Splintor49 wrote:An AmLaw 50 attorney that is a friend of a friend's sent me this e-mail in regards to my questions:
"I've reviewed the schools you are considering as of a week ago and would be happy to discuss. I have a few perspectives that might be useful (briefly, if you are aspiring to an AmLaw 50 career track or a top 20 law school teaching position, then attending the very best, most highly ranked school is a good investment and will improve ultimate career choices; if you know where you'd like to practice, then the local networks of the schools will matter and part-time positions, internships, etc. are quite valuable). If I were doing this all over again, I'd want to know % of graduates placed by graduation, the top 20-25 law firms hiring graduates, the list of firms which interviewed on campus last year, and try to get some personal take from a recent graduate or two as to their view of the value of their particular degree. Frankly modest dollar differences in out-of-pocket costs thru graduation tell me less than what is the practical value of the credential in terms of getting the career opportunity you aspire to.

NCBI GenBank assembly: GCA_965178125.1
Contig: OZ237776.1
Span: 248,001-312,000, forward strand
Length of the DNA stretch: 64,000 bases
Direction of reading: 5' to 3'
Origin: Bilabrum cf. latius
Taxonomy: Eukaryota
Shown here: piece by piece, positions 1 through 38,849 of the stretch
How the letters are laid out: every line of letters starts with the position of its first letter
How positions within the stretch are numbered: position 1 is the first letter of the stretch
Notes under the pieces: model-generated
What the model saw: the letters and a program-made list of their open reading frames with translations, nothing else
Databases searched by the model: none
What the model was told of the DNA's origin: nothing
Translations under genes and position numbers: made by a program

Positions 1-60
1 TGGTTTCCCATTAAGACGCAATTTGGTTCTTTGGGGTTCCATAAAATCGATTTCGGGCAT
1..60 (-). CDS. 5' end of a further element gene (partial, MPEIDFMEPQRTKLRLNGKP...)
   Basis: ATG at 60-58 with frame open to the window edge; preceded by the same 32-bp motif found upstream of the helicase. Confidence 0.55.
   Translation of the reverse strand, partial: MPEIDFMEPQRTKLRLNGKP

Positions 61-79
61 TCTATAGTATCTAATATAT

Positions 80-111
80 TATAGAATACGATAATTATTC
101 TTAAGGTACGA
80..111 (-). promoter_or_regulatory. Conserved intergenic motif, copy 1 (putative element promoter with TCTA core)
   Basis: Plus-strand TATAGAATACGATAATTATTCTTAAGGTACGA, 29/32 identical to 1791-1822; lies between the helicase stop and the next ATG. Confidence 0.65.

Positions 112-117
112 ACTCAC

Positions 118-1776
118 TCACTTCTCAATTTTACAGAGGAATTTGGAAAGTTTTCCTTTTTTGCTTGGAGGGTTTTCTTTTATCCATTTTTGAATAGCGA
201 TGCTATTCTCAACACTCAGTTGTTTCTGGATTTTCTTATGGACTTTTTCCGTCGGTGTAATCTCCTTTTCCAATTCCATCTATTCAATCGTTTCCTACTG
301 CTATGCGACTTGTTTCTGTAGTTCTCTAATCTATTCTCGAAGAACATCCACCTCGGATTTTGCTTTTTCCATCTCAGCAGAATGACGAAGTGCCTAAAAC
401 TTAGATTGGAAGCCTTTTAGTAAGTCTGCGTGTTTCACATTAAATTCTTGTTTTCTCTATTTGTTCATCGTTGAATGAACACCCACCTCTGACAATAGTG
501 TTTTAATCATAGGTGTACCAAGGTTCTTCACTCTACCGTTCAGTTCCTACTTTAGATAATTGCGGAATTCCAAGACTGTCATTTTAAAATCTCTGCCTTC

We very consciously try to limit hiring to the group we broadly view as top 25 schools, except for students in the top 10% of schools in our particular cities. It is no longer true that the most selective law firms hire only from a handful of top schools, but the competitiveness of the school still matters -- a lot -- and ultimate academic success will be the deciding factor."
That's pretty much it. At top schools they will hire deeply (up to half of the class at the T14) and they will take roughly the top 5% or so of the shitty schools in the area. Since you are considering the aforementioned shitty schools, you have a 5% or so chance of getting hired by a biglaw firm (one that will pay a 6 figure salary and make taking out over $100k in debt worth it). Since these schools only have a 5% shot at that, you should pick the cheapest one since your starting salary will most likely be in the 30-60k range.